The Irish Independent reports that Ministers have
been ordered to identify potential spending cuts worth €10.5bn from their
departmental budgets, including reductions in staff numbers and social welfare.
And government departments have been instructed not to hold back from coming
up with ways to reduce the number of workers in their area.
Although the Government is due to reduce expenditure by €2.1bn next year,
departments are being asked to come up with a menu of cuts five times as big.
Cuts which are not implemented in December's Budget 2012 are expected to feed
into reductions to be brought in over the following three years.
The instructions are to find savings worth 15pc to 20pc of spending, or €1 in
every €5 spent, under the Fine Gael and Labour Party review of all departmental
The revelation comes as Public Expenditure and Reform Minister Brendan Howlin
publicly admitted some of his colleagues were not pulling their weight in coming
up with cuts. But Mr Howlin is refusing to name the cabinet ministers involved.
The admission indicates that Mr Howlin is failing in his task of ensuring his
colleagues realise the difficult job facing the Government in bringing in next
Finance Minister Michael Noonan is due to publish a plan in the coming months
that will show the reductions in spending by departments over the next four
Next year, Budget 2012 will contain a package of €3.6bn in tax hikes and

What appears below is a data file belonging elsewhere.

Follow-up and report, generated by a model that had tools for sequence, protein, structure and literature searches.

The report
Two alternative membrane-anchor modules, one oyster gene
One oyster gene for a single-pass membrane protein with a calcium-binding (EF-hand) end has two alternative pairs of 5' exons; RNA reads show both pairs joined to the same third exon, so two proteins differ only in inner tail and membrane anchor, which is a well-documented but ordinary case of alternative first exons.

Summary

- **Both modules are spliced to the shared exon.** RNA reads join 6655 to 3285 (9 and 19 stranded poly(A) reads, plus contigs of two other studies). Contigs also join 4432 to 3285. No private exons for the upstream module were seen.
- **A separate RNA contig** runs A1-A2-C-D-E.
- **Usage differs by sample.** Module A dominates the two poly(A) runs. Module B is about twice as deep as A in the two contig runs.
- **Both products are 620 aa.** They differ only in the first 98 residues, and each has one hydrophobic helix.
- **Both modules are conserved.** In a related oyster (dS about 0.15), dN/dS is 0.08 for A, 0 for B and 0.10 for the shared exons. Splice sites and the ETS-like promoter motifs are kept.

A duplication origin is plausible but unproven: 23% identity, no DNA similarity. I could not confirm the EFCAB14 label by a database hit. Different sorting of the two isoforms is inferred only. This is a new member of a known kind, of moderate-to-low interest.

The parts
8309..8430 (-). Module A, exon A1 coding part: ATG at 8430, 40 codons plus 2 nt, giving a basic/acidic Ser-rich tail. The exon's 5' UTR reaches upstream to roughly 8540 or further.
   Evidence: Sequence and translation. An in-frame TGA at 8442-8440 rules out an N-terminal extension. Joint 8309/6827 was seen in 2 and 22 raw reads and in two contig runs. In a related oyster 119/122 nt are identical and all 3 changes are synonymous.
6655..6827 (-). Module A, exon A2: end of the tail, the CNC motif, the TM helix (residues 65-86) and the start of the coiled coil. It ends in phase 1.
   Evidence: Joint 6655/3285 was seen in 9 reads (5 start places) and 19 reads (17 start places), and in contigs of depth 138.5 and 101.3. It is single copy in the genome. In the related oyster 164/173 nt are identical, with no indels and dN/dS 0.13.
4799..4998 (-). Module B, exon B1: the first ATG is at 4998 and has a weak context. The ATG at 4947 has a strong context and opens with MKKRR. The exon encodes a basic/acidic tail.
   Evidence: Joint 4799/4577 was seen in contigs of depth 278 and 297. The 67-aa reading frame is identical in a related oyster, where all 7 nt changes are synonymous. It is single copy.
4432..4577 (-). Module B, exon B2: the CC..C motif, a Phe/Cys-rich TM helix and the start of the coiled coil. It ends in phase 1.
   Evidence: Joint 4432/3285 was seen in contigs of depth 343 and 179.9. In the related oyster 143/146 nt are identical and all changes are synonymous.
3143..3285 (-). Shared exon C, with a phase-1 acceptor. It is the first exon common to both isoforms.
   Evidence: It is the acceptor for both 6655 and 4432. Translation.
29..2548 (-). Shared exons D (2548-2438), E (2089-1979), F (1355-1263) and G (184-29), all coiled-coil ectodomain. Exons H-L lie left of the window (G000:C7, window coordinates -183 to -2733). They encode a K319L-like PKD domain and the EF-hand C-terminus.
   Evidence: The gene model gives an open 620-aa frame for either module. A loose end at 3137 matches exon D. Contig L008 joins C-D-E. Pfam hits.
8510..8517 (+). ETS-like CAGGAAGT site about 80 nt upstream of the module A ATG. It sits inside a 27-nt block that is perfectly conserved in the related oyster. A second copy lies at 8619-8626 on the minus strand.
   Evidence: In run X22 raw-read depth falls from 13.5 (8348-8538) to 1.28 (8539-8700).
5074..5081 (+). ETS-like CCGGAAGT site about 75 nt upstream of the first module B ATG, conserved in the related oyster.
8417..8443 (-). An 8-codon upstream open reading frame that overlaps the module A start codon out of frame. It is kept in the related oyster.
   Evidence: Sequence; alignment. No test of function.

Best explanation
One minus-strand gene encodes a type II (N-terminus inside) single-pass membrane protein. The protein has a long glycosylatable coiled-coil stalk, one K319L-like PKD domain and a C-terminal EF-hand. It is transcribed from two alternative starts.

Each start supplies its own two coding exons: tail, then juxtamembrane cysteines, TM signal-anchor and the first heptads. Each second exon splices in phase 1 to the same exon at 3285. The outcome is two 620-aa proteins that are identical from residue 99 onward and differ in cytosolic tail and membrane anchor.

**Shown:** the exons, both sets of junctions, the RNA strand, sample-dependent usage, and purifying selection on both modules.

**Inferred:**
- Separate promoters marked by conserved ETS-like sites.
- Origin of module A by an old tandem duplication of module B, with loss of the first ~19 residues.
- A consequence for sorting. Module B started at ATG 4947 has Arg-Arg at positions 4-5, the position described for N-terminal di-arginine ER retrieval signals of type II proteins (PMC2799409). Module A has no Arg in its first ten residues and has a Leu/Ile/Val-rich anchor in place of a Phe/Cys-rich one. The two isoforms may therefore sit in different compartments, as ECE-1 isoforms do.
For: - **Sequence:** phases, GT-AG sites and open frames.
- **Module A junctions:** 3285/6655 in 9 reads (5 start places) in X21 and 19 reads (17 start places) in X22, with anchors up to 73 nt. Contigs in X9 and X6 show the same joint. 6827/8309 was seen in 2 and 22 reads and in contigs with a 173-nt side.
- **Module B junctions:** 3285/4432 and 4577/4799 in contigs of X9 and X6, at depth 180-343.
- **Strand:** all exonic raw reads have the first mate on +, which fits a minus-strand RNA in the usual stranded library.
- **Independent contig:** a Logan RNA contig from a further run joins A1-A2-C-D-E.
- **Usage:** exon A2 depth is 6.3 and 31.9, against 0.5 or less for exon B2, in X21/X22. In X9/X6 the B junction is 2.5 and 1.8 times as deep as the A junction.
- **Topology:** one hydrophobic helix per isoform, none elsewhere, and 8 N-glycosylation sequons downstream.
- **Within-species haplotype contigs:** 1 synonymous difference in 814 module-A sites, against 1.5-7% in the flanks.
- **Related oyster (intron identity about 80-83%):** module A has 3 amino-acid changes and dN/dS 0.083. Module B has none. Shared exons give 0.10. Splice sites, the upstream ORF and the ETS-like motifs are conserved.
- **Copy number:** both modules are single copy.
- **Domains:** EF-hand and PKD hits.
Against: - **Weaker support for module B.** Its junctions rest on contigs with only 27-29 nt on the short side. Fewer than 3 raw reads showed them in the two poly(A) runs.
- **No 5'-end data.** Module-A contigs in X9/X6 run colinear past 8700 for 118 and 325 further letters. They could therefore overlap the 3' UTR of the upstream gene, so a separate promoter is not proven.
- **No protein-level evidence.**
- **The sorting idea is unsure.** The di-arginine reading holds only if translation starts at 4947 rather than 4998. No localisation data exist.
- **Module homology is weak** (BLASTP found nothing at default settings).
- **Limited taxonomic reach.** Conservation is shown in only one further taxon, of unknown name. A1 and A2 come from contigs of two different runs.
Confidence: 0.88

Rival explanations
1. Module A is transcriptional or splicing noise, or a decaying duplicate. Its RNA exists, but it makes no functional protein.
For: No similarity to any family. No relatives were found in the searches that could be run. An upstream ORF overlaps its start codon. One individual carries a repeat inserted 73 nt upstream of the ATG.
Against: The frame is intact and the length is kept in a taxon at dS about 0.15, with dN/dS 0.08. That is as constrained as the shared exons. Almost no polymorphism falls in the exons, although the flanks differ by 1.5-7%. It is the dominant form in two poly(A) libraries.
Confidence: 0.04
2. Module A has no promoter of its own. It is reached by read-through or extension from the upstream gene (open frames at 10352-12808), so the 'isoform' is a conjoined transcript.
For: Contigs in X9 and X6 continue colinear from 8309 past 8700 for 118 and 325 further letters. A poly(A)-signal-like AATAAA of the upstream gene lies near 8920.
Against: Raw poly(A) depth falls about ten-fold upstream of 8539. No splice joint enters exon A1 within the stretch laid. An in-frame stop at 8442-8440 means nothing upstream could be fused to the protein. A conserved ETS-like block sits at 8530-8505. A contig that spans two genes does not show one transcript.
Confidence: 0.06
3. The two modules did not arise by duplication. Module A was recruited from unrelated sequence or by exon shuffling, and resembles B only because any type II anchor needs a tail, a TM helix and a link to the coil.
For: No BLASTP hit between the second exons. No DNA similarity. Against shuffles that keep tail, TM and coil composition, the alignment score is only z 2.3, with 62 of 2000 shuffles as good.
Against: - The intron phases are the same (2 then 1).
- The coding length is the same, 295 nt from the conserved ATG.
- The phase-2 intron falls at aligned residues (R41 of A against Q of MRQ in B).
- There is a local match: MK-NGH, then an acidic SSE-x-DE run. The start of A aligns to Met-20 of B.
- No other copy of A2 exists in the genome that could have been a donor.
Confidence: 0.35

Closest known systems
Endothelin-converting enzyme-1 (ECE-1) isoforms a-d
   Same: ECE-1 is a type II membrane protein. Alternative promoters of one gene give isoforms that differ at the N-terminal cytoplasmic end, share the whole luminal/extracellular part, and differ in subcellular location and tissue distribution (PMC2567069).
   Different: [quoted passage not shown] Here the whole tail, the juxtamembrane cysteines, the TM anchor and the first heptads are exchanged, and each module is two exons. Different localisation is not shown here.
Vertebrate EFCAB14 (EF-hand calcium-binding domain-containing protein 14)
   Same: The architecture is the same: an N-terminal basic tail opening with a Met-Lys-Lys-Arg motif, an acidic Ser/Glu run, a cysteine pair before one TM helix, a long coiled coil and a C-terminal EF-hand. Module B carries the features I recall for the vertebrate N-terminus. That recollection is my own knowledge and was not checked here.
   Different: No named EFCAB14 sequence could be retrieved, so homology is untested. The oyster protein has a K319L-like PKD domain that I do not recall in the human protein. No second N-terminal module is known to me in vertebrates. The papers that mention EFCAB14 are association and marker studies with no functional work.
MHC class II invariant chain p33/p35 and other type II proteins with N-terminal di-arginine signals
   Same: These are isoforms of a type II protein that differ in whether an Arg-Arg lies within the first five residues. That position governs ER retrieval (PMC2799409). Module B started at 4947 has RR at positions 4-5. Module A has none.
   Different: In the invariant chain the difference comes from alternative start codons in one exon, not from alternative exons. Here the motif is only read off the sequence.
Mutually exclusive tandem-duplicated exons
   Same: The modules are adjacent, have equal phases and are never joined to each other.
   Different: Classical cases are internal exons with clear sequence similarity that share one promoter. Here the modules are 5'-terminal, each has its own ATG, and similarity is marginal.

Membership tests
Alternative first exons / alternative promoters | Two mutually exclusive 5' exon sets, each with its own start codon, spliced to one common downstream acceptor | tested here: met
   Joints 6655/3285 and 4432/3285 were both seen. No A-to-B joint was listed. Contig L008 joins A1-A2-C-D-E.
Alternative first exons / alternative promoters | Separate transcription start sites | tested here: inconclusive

spending cuts -- €1.5bn in tax and €2.1bn in cuts.
However, a memo from the minister's office says each department must come up
with savings "by reference to the 'rule of thumb' 15-20pc level".
The letter from the Department of Public Expenditure's secretary general,
Robert Watt, says the overall budget targets are subject to final government
"You should bear in mind that to afford the Government maximum scope for
decisions about prioritising resources in certain areas, we should not be
constrained from putting forward a full and comprehensive set of savings
options, even where this goes beyond the indicative ceiling," he said in the
letter sent two months ago.
Mr Watt said departments should "put forward options for achieving reductions
in staff numbers".
Among the ways to reduce numbers listed were
"rationalising schemes and
programmes, moving to e-payment rather than traditional processing, outsourcing,
and identification of specific areas where incentivised exit schemes may be
"The question of how to deal with surplus staff identified in this way --
e.g. costs of exit packages where necessary -- will be dealt with centrally by
the Department of Public Expenditure and Reform, and should not in itself be a
bar to your full consideration of this important aspect of the comprehensive
spending review," his memo says.
Getting rid of the quangos already in line for the chop is described as
"early wins" being put forward by departments.
"On balance, it may be appropriate to put forward a more comprehensive
overall package of agency rationalisation measures -- both a speeding-up of
existing proposals and announcement of some new proposals -- as tangible 'early
wins', while signalling that broader issues around agency rationalisation will
be looked at critically in the comprehensive spending review," the memo says.
The level of detail shows Mr Howlin and his officials have had extensive
contacts with his colleagues in other departments over the past number of
Yet he is now complaining that some departments are failing to present
adequate spending reduction plans.
The minister has repeatedly talked up his involvement in the spending review.
A spokesperson for Mr Howlin said last night the minister would not be naming
the departments concerned.